A Hull mum has spoken about the reality of lockdown with a child who has special educational needs and disabilities (SEND).
Seven-year-old Kyan Leebetter has autism and his disability means he can't talk or tell his parents how he is feeling.
Kyan thrives on routine, and loves school, so when the schools were closed before the country went into lockdown to help prevent the spread of coronavirus, his mum Rachel knew it was going to be a difficult time for him.
But despite there being meltdowns, Mrs Leebetter has kept them to a minimum, by opening a classroom in her spare room.
Every day Kyan puts on his uniform and "goes to school" - which has helped with his sense of routine.
Inside the makeshift classroom, Kyan has his computer, which was granted from the Family Fund charity, and visual planners on the walls.
Mrs Leebetter said: "When he had to leave school I knew it wouldn't be easy. He thrives on routine and loves school.
"His teacher worked with me and brought home everything he uses in the classroom including his visuals and planners, etc. Also she provided all his passwords and sites he can get access to on the computer which he loves.
"So I made my spare room into a classroom for him. He puts his school uniform on Monday to Friday still and actually thinks I'm his new teacher. He's renamed it Newcott instead of Northcott.
"If Kyan has a routine planned and knows what he's doing he generally copes quite well. I think without the classroom idea and no routine Kyan would 100 per cent not cope.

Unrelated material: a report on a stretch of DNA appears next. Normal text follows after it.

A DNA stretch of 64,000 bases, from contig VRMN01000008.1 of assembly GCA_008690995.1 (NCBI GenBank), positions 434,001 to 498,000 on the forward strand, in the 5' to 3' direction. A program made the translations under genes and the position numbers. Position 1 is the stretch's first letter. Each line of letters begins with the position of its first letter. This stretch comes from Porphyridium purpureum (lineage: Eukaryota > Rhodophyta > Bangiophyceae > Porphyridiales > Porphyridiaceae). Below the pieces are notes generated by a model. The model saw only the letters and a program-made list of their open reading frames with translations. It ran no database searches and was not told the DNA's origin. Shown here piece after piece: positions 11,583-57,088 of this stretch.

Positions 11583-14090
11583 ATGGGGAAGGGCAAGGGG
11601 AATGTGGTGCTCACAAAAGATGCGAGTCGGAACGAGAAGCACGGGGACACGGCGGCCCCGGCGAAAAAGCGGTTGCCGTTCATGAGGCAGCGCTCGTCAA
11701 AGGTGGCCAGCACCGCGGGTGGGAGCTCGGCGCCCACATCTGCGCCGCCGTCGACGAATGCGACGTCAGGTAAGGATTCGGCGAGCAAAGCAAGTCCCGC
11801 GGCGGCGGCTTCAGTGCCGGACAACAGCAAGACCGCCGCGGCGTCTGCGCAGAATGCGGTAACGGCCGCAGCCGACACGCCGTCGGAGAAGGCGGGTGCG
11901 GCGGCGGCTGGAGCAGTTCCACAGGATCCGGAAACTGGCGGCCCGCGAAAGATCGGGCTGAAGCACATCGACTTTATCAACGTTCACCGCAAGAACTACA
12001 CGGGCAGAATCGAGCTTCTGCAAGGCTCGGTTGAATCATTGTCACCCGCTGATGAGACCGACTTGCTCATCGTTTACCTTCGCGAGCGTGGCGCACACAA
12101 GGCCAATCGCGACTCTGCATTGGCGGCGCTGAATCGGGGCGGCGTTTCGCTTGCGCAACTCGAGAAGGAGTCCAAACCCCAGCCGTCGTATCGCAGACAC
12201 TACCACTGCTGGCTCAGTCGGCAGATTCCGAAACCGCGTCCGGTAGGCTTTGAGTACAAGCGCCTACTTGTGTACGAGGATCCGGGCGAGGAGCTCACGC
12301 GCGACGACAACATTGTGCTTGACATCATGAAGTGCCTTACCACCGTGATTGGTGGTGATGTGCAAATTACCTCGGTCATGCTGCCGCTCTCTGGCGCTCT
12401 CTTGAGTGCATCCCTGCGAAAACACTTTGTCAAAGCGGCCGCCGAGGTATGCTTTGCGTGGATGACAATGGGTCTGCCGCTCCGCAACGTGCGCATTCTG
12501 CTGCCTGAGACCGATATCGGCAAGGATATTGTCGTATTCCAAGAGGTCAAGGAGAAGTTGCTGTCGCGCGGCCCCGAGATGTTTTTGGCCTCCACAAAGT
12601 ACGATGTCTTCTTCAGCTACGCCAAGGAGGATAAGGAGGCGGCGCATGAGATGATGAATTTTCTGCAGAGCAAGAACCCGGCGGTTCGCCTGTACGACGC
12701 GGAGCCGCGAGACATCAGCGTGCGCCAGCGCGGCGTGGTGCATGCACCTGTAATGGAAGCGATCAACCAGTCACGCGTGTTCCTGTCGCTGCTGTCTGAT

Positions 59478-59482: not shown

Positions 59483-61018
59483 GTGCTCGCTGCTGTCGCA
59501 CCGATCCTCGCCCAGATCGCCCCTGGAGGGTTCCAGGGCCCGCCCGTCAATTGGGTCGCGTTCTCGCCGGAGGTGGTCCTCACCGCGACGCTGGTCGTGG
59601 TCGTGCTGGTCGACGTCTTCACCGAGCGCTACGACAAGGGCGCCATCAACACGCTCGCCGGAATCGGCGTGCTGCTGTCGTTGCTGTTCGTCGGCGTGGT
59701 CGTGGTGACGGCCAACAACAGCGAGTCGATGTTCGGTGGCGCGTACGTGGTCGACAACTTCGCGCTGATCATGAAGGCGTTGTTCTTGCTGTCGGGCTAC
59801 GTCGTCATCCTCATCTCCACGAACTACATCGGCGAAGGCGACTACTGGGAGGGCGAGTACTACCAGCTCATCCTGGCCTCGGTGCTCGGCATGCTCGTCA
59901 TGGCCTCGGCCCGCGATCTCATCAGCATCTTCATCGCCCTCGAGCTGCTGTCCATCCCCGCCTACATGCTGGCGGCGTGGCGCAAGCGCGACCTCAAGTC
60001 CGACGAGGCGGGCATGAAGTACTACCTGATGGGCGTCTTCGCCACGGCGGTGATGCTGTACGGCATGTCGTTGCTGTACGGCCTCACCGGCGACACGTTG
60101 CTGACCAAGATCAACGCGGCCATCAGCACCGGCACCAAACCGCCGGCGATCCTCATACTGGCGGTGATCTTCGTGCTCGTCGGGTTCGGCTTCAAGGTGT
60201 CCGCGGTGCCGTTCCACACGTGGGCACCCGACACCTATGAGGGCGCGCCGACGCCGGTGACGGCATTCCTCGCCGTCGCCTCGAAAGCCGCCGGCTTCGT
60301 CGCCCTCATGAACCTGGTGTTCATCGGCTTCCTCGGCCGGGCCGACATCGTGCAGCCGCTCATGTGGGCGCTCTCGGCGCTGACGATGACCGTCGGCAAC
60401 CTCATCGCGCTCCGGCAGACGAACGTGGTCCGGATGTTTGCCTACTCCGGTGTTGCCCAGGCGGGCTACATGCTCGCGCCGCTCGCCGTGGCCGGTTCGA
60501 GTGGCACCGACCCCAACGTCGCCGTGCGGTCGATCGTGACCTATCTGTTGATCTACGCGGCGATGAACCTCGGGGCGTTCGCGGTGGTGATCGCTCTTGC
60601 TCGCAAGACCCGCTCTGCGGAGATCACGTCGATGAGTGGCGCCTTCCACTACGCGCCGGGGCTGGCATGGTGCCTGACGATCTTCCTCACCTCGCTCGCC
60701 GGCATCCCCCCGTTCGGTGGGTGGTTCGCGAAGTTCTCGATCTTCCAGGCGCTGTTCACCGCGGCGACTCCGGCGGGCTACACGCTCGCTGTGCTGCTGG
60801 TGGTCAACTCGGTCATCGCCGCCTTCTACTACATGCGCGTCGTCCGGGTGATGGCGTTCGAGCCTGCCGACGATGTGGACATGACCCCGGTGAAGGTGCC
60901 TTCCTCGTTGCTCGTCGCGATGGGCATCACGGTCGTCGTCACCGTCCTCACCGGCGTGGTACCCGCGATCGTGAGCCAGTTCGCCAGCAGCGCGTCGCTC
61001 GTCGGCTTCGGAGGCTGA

"When he's anxious his obsessions can be extreme which can range from the windows to phones and he wont come away from them. "So the main thing for Kyan is keeping him relaxed and focused.
"I know he's really missing school and his teachers and friends but for now he is coping best he can and I'm super proud of him."
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Mrs Leebetter runs Kyan's Diary blog on Facebook to help people understand what autism is and give a realistic view of what daily life for someone with the disability is like.
The blog is written from Kyan's point of view - as if he has written it himself.
She wrote about one of Kyan's meltdowns, after he couldn't understand why his favourite sweets had ran out this week.
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The single mum added: "We did go to the local shop the other day so I could grab some essentials and teach him some social distancing which he did really well, but he was a bit anxious and then because he was coping well I said I'd buy him his favourite jellies and unfortunately they had sold out.
"So he couldn't understand why they wasn't any left and had a meltdown. I put a post on my Facebook and so many people reached out and brought him his favourite jellies, it was such a lovely feeling knowing people are looking out for us and helping."
Kyan was diagnosed with the condition when he was just four years old and Mrs Leebetter says the blog also encourages parents to seek an early diagnosis for autism.